When I was a teenager, I was fearless. Insecure and a bit of an idiot, but fearless. Isn’t that true of most teenagers? Isn’t that why it can be dangerous – you take unnecessary risks – but also why you have such clear, vivid memories of those days – because you were really alive?
I used to dress like I was fearless. It seems like such a small thing. They’re only clothes, after all. Who cares?
But how you present yourself to the world is a pretty accurate model for how you live in the world.
I went through a hat phase. Not ball-caps. More like old-school cloches, bucket and bowler hats. I had a lovely Panama hat with a pink ribbon. I wore a lot of pink back then.
I wore a bag was that was a gift from my friend, a talented seamstress and artist. One-half was pink, and the other half was a cloth-printed page of comic from my favorite manga series, Ranma 1/2. I stuck on a series of band pins for good measure.
My hair changed with the seasons. Each time my uncle would see me, he’d jokingly exclaim, “So this is the new flavor of the week?” Black, bleached, auburn, pink, short, long, bangs, it was all an open playing field.
I liked tights. Standard stockings like fishnets, but also multicolored or neon ones. The weirder the better. I loved to wear them under a simple skirt, or my cut-off jean shorts (which I cut off myself).
Not a nail-painter then, since I always chewed them off. Nails need to be short when you’re a piano player. Back in the early 2000s, when I was in teenhood, the metalhead boys would paint their nails black, and wear black from head-to-toe. The baggier the clothes, the better. Band shirts, chains, dreadlocks, piercings. Of all the high school groups, they were the silliest and most fun to hang out with.
Why does any of this matter? Who cares if I wear a Panama hat, or mismatched clothes, or lots of pink?
It matters because of what happened when I became a “real adult”. Conformity, an idea I stood in diametric opposition to as a teen, became an attractive and useful concept in my twenties.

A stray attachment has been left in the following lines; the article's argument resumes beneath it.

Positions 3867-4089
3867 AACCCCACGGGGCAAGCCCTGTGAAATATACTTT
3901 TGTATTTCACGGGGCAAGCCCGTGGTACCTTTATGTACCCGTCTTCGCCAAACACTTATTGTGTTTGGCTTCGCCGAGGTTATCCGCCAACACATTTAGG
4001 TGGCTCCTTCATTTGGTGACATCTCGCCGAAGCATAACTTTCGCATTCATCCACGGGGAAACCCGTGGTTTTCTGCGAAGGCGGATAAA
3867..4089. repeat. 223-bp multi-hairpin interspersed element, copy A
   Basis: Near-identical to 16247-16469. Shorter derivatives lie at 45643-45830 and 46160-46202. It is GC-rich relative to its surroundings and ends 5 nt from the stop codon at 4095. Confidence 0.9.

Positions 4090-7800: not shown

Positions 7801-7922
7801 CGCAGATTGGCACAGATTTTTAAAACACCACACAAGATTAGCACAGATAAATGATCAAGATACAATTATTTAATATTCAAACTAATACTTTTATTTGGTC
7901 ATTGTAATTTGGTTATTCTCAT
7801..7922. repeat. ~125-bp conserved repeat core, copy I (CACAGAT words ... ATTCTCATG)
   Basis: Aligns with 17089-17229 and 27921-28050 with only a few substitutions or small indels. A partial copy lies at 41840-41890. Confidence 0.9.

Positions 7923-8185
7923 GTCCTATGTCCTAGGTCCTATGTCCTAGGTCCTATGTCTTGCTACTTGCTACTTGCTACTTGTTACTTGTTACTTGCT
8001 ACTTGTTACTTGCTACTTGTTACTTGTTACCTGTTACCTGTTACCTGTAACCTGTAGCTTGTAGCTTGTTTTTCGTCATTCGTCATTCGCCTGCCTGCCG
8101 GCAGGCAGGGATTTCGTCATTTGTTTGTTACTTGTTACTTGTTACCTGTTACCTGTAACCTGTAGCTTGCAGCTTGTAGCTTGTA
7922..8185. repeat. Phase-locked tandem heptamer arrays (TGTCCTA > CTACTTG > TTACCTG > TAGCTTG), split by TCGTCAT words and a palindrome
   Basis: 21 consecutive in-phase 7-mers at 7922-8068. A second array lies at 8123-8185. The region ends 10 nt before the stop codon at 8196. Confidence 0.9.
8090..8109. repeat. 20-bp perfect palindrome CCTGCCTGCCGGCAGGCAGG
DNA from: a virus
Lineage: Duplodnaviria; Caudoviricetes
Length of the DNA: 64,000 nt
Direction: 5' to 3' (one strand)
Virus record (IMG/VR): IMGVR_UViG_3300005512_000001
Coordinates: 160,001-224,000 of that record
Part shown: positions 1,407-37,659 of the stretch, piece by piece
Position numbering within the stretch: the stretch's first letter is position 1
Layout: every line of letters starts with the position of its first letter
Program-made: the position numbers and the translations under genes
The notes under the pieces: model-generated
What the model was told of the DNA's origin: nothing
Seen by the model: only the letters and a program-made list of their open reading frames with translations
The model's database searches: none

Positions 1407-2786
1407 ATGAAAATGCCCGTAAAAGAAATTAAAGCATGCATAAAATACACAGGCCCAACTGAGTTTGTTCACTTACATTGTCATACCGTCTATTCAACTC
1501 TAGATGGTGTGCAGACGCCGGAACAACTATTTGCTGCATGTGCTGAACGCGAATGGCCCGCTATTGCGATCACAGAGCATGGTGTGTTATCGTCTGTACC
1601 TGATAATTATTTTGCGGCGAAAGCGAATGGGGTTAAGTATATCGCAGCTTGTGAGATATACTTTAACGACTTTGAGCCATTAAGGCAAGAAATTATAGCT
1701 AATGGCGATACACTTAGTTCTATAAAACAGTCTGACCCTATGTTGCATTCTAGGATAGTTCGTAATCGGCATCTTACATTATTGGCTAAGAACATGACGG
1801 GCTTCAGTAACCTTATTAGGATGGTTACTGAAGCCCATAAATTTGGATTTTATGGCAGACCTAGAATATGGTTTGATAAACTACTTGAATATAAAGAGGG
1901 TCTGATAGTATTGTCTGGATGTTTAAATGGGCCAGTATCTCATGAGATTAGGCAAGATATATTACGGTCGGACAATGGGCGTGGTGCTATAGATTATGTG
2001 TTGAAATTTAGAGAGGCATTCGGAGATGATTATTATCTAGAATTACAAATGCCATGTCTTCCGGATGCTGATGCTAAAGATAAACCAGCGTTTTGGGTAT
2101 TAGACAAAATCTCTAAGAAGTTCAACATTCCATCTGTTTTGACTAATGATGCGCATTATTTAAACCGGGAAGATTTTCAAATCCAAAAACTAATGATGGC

Some of it was fear. Fear of standing out and being noticed. It’s normal to be a weird kid. It’s weird to be a weird adult. Who’ll take you seriously?
Standing out can be problematic when you’re a young woman. You get unwanted attention. People say things. It can get scary. What better way to be left alone than to look like you’re on the frumpy side of bland?
I was a creative spirit as a teen. As an adult, I swapped out creativity with pragmatism. Bills, earning a living, being a role model for children (and not freaking out their parents), getting into serious relationships, all of those things required being practical and pragmatic and grounded and. Not. Weird.
My clothing choices reflected that. I donned the jeans and tee (or hoodie) uniform. Plain shoes, some plaid here and there, nothing too wild. Hats, but only toques and beanies to hide my floppy unstyled hair. I just didn’t care. I was comfortable.
That’s exactly how some people would best express themselves. But it wasn’t me. I spent a decade not dressing like me.
I’m noticing something magical about being in my thirties, though.
I’m not insecure anymore. And I’m way less of an idiot (at least that’s what I tell myself). I’ve got this adult thing figured out – I can pay the bills and do work I enjoy and support and love my daughter. It’s easy.
So I don’t need to focus on that adult stuff so much anymore. It’s a learned skill. Put it in the bank, it’ll run on autopilot.
Time to put that focus toward something more fun. Discard the fear that’s been holding me back. And lean back into that creative spirit, the person I really am.
Maybe I’ll be dressing a little different in 2020.